JAKARTA -- Bracing for future calamities after a pair of devastating tsunamis last year, the Indonesian government is considering issuing catastrophe bonds that will serve as insurance policies against natural disasters.
An official with Indonesia's Ministry of Finance disclosed that the government was discussing issuing the securities, which let the issuer secure recovery funds in the event of a disaster in exchange for high returns to investors.
From 2000 through 2016, Indonesia suffered an average of 22.8 trillion rupiah ($1.6 billion) in direct economic damages annually from natural disasters, while its disaster response spending averaged 3.1 trillion rupiah, or just over 10% of what was needed, according to the Finance Ministry.
The lack of funds can erode disaster prevention efforts. After the September earthquake and tsunami that struck the island of Sulawesi, killing thousands, it was revealed that Indonesia's tsunami warning system had not been working since 2012. An official from the national disaster management agency said budget shortfalls had prevented maintenance and inspections. In December, another tsunami in western Java killed hundreds.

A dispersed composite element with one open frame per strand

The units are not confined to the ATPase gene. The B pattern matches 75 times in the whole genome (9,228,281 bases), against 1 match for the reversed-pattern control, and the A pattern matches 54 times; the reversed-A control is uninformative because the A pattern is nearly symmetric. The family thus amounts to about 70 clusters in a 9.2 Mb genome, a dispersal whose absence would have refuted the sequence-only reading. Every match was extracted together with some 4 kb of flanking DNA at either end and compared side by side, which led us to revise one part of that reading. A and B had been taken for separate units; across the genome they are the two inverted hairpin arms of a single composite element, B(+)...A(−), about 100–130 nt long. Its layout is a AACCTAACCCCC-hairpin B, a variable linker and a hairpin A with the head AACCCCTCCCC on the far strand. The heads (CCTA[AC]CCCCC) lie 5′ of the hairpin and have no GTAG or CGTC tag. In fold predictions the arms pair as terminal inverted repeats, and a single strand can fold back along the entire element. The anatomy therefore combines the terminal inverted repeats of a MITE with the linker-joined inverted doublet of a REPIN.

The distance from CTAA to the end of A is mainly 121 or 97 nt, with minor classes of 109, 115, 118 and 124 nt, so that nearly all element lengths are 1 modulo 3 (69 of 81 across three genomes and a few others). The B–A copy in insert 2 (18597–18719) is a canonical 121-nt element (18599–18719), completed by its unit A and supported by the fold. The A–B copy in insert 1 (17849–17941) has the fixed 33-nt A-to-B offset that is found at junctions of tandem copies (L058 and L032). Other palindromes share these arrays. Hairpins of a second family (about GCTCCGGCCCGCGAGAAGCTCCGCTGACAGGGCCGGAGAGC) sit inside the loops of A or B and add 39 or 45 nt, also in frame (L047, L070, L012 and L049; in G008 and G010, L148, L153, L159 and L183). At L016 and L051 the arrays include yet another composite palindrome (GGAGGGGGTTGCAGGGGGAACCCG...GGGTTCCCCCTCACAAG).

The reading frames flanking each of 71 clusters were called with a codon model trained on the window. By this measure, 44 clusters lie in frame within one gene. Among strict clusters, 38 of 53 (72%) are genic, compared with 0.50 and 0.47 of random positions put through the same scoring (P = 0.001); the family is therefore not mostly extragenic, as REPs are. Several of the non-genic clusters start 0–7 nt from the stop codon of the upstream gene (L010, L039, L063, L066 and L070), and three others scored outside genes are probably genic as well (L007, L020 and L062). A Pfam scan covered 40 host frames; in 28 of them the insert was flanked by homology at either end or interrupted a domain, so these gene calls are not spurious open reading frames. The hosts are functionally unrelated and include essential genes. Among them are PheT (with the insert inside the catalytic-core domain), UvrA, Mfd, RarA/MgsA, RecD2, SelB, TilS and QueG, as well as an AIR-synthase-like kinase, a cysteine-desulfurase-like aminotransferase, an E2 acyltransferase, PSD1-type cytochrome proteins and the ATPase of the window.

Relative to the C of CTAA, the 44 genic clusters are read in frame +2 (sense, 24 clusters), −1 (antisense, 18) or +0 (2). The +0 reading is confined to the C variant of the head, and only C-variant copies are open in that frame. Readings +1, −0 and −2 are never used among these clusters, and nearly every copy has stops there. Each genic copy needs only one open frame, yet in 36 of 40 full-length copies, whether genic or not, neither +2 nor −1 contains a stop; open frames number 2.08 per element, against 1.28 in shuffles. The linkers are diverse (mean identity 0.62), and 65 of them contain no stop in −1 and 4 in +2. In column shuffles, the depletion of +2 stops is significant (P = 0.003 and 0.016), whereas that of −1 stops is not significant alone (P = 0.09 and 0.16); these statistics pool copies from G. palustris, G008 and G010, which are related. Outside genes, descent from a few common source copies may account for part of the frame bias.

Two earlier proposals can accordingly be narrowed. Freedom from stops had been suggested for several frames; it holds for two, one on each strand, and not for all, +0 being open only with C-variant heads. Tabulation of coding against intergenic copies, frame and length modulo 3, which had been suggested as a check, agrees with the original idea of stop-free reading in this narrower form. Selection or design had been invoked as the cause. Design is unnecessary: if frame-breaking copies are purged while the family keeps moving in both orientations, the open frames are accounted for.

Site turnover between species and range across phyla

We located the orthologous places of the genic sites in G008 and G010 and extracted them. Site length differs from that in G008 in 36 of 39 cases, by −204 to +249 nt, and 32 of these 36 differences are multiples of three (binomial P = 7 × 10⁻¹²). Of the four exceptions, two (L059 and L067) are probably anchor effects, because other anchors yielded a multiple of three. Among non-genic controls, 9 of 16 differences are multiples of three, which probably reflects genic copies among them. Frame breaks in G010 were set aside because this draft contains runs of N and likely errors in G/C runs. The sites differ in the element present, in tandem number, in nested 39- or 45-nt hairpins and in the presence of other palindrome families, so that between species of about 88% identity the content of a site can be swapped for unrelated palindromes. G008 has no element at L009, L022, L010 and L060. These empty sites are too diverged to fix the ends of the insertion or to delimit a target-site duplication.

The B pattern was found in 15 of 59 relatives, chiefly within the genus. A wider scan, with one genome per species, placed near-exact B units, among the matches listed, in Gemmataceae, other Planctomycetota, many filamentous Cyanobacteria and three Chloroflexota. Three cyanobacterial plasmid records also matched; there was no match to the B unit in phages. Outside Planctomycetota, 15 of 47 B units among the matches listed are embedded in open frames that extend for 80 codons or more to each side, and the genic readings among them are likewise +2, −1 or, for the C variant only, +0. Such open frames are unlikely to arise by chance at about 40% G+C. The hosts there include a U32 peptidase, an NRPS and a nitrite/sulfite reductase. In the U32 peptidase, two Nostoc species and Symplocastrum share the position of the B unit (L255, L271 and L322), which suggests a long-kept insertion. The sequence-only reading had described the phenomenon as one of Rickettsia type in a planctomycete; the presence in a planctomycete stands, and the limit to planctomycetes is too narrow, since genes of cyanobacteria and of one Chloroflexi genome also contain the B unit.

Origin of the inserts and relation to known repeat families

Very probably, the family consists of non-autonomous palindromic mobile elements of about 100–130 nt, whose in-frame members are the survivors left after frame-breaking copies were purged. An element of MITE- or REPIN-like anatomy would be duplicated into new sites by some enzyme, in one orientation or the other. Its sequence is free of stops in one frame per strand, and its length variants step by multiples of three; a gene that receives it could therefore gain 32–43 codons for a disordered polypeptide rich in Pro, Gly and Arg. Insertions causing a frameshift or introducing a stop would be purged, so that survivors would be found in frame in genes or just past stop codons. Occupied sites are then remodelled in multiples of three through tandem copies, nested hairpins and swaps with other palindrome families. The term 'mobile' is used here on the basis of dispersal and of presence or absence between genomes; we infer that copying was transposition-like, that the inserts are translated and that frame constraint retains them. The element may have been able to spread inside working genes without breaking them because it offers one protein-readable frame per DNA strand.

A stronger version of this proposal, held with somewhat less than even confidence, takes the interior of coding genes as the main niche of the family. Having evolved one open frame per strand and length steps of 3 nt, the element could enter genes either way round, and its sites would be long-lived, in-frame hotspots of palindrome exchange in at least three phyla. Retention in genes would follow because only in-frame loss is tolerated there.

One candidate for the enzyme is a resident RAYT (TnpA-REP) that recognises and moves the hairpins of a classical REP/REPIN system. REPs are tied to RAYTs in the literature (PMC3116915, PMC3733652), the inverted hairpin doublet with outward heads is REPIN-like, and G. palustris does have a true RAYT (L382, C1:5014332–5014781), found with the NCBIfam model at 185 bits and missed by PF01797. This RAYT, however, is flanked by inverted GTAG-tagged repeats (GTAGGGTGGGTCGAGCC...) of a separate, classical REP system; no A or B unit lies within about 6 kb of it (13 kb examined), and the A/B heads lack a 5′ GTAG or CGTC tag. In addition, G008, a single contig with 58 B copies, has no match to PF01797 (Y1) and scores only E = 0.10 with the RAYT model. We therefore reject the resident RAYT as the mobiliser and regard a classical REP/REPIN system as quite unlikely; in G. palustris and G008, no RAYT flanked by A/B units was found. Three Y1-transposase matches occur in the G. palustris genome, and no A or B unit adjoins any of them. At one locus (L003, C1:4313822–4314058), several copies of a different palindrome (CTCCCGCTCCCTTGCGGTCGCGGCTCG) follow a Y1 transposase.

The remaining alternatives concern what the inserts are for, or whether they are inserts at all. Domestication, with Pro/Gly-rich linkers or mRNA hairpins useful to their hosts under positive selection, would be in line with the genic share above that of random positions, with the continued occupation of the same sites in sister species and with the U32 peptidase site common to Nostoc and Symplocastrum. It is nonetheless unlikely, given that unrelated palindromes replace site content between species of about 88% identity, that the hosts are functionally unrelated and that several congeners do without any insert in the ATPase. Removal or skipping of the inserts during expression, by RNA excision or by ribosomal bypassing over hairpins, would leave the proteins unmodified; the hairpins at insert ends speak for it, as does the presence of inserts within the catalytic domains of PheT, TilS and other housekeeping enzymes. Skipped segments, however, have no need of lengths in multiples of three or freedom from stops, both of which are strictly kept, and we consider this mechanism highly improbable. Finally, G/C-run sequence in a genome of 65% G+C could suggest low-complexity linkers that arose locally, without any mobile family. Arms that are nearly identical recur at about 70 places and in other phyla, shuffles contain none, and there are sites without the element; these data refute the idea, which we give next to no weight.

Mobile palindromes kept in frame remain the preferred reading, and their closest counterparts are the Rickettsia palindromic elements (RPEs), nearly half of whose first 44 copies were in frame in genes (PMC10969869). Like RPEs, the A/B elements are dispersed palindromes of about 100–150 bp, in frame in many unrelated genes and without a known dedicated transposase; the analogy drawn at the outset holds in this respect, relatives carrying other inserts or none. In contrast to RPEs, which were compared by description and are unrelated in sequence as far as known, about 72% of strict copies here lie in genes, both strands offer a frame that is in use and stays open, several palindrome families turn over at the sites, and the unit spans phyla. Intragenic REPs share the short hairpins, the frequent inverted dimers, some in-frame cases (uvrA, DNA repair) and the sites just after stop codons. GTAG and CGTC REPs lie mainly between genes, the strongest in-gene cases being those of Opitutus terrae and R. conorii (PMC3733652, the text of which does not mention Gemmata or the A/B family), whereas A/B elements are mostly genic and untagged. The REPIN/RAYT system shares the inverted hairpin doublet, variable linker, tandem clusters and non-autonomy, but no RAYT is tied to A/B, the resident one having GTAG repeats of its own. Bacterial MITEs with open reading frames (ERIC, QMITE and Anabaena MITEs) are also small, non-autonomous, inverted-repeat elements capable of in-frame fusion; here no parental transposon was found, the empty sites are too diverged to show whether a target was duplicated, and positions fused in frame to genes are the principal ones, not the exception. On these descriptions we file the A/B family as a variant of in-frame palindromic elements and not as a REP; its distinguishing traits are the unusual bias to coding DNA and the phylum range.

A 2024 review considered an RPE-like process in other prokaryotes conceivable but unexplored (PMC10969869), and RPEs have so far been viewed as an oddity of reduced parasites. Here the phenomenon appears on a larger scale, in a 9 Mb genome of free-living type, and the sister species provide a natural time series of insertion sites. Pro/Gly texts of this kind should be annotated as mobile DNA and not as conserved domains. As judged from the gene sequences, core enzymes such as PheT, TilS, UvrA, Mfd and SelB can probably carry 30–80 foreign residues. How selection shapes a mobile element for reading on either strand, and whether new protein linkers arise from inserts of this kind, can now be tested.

Catastrophe bonds, a type of derivative, may put all or part of the investor's principal toward insurance payouts in the event of a disaster. The risk is balanced by relatively high interest rates, offering strong returns if no disaster strikes.
The securities are gaining traction as a way to limit financial risk from natural disasters. In February 2018, Chile, Colombia, Mexico and Peru teamed with the World Bank to issue $1.36 billion worth of catastrophe bonds for earthquake responses, while in October the Philippines announced it was looking into floating its own. In earthquake-prone Japan, Tokyo Disney Resort operator Oriental Land got an early start with a $100 million, five-year catastrophe bond in 1999.